The Week杂志上,卡梅尔•洛贝罗给出的头版标题是“iPhone比冰箱能耗更高”。
"Your iPhone uses more energy than a refrigerator," was Carmel Lobello's headline in The Week.
而在The Mail Online上,瑞安•戈尔曼则写道:“大部分能量被用于云服务,而不是iPhone充电”。 戈尔曼补充说:“云服务消耗的能量主要来自于煤炭”。
"The majority of the energy is used for cloud services, not charging the iPhone," wrote Ryan Gorman on The Mail Online, adding that "the majority of the energy used to power the cloud comes from coal."
Sounds pretty ominous, especially when you observe, as Bryan Walsh did in Time, that "the digital economy uses a tenth of the world's electricity -- and that share will only increase, with serious consequences for the economy and the environment."
上面这些坏消息从何而来?它们都源自由马克•米尔斯进行的一项名为“云始于煤”的研究,米尔斯是曼哈顿研究所(the Manhattan Institute)高级研究员,也是《福布斯》(Forbes)“能源情报”专栏的作者。
Where is all this bad news coming from? From a study called "The Cloud Begins with Coal" by Mark Mills, a senior fellow with the Manhattan Institute who writes the Energy Intelligencecolumn for Forbes.
Before you toss your iPhone in the recycling bin, a few points:
• 为互联网经济提供动力的成本不论多高,iPhone都不是问题的原因所在。iPhone实际上相当节能。美国电力研究院(Electric Power Research Institute)2012年开展的一项研究表明,iPhone 5每年充电所耗电费仅41美分。
• Whatever the cost of powering the Internet economy, iPhones are not the culprit. They are, in fact, unusually energy efficient. According to a 2012 study by Electric Power Research Institute, the cost of keeping an iPhone 5 charged is 41 cents a year.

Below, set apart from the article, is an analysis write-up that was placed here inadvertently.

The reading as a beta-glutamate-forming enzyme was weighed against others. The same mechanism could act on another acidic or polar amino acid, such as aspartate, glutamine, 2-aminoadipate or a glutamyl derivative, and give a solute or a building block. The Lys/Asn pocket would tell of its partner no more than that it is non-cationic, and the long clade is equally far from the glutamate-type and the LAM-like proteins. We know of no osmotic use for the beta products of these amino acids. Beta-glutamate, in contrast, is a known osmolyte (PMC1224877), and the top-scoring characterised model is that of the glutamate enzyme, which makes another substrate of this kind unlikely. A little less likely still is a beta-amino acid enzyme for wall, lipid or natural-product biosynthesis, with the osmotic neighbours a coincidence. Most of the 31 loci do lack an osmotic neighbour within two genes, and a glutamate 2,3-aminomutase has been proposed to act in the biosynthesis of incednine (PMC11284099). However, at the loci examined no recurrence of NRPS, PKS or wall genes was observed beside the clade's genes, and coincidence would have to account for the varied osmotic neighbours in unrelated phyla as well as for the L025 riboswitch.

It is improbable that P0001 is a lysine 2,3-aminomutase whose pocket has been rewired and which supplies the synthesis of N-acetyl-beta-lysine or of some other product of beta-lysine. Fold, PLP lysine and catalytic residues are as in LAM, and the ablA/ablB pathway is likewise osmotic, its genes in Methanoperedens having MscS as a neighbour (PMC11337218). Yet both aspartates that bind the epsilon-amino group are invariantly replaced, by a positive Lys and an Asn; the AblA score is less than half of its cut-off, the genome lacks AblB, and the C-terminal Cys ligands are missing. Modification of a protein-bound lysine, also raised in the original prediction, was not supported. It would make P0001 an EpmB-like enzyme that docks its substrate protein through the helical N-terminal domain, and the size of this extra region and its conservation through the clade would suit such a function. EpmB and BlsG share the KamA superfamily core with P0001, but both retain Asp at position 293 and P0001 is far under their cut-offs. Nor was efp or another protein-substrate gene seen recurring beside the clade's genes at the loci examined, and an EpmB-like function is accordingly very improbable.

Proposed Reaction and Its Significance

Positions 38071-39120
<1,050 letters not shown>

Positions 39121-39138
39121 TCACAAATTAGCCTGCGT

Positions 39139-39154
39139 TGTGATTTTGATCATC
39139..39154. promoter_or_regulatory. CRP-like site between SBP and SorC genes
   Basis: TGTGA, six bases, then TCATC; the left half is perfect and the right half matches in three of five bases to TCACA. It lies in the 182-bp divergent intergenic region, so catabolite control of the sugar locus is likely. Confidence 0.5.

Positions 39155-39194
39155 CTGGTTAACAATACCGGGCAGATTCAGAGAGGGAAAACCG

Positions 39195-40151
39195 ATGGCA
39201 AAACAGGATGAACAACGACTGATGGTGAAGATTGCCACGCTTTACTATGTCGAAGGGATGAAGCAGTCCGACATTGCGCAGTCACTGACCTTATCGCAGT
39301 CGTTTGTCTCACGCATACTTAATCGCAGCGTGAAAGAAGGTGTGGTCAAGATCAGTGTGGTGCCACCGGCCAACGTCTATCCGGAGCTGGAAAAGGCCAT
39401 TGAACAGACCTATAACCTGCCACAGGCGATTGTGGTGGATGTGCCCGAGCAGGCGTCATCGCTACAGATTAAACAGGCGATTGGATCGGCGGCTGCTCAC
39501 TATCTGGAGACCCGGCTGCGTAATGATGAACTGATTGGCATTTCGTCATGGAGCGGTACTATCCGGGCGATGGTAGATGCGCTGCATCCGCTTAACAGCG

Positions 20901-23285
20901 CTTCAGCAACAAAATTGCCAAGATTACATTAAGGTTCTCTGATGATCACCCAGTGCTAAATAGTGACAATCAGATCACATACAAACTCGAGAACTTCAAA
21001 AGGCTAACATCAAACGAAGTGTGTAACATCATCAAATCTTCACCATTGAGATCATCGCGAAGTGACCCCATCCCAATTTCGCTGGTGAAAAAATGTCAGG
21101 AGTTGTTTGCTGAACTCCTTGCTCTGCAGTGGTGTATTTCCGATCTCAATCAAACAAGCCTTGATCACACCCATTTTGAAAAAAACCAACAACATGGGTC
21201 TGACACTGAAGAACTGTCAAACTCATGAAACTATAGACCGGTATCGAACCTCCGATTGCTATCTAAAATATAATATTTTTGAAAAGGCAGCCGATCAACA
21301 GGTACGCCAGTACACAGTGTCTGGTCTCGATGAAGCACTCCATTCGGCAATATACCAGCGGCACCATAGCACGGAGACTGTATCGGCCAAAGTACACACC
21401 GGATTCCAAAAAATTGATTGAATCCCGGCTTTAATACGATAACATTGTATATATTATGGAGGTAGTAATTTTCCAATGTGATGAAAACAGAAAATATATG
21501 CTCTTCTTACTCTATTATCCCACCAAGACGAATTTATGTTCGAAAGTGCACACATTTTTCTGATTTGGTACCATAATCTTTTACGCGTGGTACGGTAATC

• 煤炭也许是全球使用最广泛的发电原料,但这与苹果(Apple)无关。根据苹果最新发布的环境报告,它的数据中心完全由可再生能源供电,其中包括位于北卡罗来纳州麦登市的太阳能发电站。后者被认为是全美最大的正在运营中的太阳能发电系统。
• Coal may be the world's No. 1 fuel for generating electricity, but it is not Apple's (AAPL). According to the company's most recent environmental report, its data centers are 100% powered by renewable energy, including a solar farm in Maiden, NC, that is supposed to be the largest end user-owned, onsite solar photovoltaic array in the U.S.
• 《时代》杂志的沃什经过仔细调查,更新了自己文章,指出广泛引用的那项研究的作者马克•米尔斯倾向于夸大互联网的能源消耗,因为他相信烧煤烧得多是件好事。米尔斯创办了好几家由发电企业资助的非盈利组织。2006年,他还合作出版了《无底洞:燃料的没落、浪费的好处、为何我们的能源将取之不尽用之不竭》一书。
• As Time's Wash points out in a well-researched update, Mark Mills, the author of the study everybody was citing, tends to exaggerate the Internet's power consumption because he believes burning all that coal is a good thing. He has founded several power-industry funded non-profit organizations and 2006 he co-authored "The Bottomless Well: The Twilight of Fuel, The Virtue of Waste, and Why We Will Never Run Out of Energy."